The photos are horrible and dramatic. An emergency room doctor earlier said there were several “traumatic amputations” of the victims. NBC is quoting that two are dead. The number injured is still in dispute, but it’s somewhere around 100. A former soldier, who finished before the explosion, compared the explosions to an IED blast.

It’s chilling to watch the videos over and over again.

These are details you can’t forget.

It’s painful to watch. The Boston Marathon is the top event in marathon running for mere mortals. There are stringent qualifying times and rules to get it. It’s heartbreaking to see what’s happening there.

It’s heartbreaking to know that the marathoners there will never come to the start line of a marathon feeling the same way again. It’s also heartbreaking to know that some of the rest of us, me included, won’t feel the same either. This event changes everything.

My prayers are with those in Boston right now.

A SLO marathon: Part II


So, I’m serious when I say that I think the very comfortable bed at the Days Inn on Main Street in Morro Bay was beyond comfortable. I felt like I literally sank into the bed and it just cuddled me all night. It made for a very good night’s sleep.

My alarm clock went off at 4 a.m. I had planned to leave Morro Bay at 4:45 a.m. with my husband. So I went about getting ready, mainly putting in my contacts and grabbing up all my stuff. I had decided I would wear a long-sleeve Brooks “Run Happy” shirt for the race, even though I knew I likely wouldn’t need it after the first half.

Right on time, my husband and I were out the hotel room door and headed through downtown Morro Bay to the freeway. In less than 20 minutes, he was dropping me off at the designated zone. Scratch that, he dropped me off further up the street from the designated zone.

The starting line was at San Luis Obispo High School. The parking lot was clean. It was cool, but not freezing. And there was pretty of light.


My photos are a little blurry because I was a little jittery. The beautiful thing about this photo is that there were a ton of portable toilets behind me. And, because on my anxiety problems, I was able to just kind of hang out in a very, very clean one until about five minutes before the start.


See all those portable toilets? That’s what a runner likes to see.

At about 5:40 a.m. the announcer started corralling the marathoners, all 600 or so of us, to the start line. I initially thought the start was right in front of where all the half marathoners were sitting, near the multitude of other portable toilets. In fact, it was at the beginning of a neighborhood.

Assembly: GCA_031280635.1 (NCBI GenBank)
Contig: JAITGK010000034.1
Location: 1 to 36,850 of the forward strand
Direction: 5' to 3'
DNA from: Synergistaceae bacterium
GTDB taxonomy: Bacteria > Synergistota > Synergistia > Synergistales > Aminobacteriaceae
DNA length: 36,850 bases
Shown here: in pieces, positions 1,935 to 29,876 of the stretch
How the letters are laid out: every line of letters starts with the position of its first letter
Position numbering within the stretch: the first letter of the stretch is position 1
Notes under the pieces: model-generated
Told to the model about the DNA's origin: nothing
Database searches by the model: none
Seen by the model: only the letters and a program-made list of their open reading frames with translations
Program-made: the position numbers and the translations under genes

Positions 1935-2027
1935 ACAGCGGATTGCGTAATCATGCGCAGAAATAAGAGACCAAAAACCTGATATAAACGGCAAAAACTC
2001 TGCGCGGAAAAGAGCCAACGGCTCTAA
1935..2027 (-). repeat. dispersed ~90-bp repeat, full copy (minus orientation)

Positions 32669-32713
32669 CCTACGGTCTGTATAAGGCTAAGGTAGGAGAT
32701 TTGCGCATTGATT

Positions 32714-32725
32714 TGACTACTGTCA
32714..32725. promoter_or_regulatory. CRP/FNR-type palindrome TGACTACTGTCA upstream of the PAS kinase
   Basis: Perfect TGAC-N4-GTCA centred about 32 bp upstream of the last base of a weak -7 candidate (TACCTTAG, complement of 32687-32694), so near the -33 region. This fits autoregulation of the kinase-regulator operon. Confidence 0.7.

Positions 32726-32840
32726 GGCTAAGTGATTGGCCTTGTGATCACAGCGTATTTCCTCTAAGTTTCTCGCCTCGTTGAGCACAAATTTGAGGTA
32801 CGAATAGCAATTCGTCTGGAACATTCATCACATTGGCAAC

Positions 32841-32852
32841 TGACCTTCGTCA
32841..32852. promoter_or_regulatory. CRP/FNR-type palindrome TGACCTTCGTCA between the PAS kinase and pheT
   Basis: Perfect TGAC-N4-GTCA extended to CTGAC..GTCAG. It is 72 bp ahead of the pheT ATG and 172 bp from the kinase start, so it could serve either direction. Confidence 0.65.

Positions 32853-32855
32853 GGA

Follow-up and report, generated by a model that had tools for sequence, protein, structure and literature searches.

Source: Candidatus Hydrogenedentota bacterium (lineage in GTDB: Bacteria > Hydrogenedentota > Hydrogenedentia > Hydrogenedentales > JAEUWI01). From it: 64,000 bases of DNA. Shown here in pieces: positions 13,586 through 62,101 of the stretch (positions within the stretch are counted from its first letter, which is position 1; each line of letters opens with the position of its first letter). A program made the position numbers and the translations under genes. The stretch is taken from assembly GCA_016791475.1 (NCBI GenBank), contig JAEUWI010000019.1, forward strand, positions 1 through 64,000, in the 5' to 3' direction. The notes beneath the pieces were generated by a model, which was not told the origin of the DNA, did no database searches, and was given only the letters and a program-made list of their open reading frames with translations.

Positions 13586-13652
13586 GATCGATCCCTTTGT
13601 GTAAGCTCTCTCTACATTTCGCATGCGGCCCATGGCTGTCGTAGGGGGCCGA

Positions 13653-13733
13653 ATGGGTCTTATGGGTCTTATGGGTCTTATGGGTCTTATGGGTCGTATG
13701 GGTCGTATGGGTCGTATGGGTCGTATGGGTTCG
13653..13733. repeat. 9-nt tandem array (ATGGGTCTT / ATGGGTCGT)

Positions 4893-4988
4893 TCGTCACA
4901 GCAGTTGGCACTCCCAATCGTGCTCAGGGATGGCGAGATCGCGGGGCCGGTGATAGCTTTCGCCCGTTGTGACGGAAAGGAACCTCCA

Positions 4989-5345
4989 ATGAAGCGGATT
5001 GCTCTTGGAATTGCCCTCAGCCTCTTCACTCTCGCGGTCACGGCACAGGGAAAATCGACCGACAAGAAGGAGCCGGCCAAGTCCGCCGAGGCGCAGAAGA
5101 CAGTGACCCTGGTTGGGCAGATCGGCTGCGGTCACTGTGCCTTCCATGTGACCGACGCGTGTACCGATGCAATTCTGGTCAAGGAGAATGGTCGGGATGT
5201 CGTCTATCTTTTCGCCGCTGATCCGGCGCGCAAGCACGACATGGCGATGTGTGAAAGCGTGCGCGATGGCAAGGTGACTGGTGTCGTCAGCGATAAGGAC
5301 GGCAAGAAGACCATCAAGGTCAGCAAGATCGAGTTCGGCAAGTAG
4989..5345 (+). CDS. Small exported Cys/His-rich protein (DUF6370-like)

I’ll admit it: I immediately felt bad for the neighbors. Wow. They had to hear this guy yelling over and over again. We only had to listen for like 20 more minutes. Yikes. (Neighbors later complained about the noise on Facebook.)


That’s the view as we made our way to the start. It was pretty dark. For a minute, I was kind of worried about the light. Some runners had headlamps. Headlamps. For a day marathon.

Crap. All I could think of was how my doctor just recently told me that it I fell on my arm again within the next six months, I could potentially break it again. I don’t want to re-break my arm. Please don’t let me re-break my arm.

We queued up pretty quickly. I didn’t even know where the pace groups where. I wasn’t exactly looking for one, but still. It was dark when we started at 5:59 a.m.

Mile 1: 10:13 — I was actually on pace to hit a 9:30 mile when I realized I was going out way too fast. Slow down girl. You have 25 more miles of this.

Mile 2: 10:29 — This mile was a combination of downhill and uphill. Maintaining. But I’m starting to actually get warm here. Ugh. Great. I didn’t want to stop and take off my long-sleeve shirt just yet.

Mile 3: 10:41 — More uphills, including the biggest initial climb that gets us out of downtown and starts on the path toward Edna Valley. I start to loosen up a little bit here. My calves feel good. My head feels good.

Mile 4: 11:31 — Continuing that uphill battle right here. Legs are finally starting to wake up and realize that we’re running. And we’re going to run far.

Mile 5: 9:44 — Wheeeee! Downhill. All downhill. Later on, I realized I probably shouldn’t have taken off like this, just because I think it kind of destroyed my legs later on.

Mile 6: 11:22 — The hills are rolling now. This is still the half marathon course. But I’ve only been passed by one half marathoner so far. Good sign? I don’t know. I’m pacing pretty well right now.

Mile 7: 11:52 — The good news is that I’m coming in under 12 on the hills, whereas once upon a time that WAS my pace.

Mile 8: 11:00 — I start to realize that these hills are much more serious than I thought. The elevation changes are drastic, but I’m actually not really feeling all that horrible quite yet.

Mile 9: 11:24 — I decided that I was starting to get a little tired, but I really, really wanted to have all my miles up to 10 under 12-minutes. I kept thinking it would be AWESOME to finish with an average time under 12 minutes.

Mile 10: 11:13 — Score! Under two hours! I’m still feeling good here.

Mile 11: 11:37 — Still going strong. We’re heading into the marathon out and back. I’m so ready to start heading back. For some reason heading back just seems like a mental break. Once I start heading back, that means it’s over soon, yes? And…suddenly I had to go to the bathroom.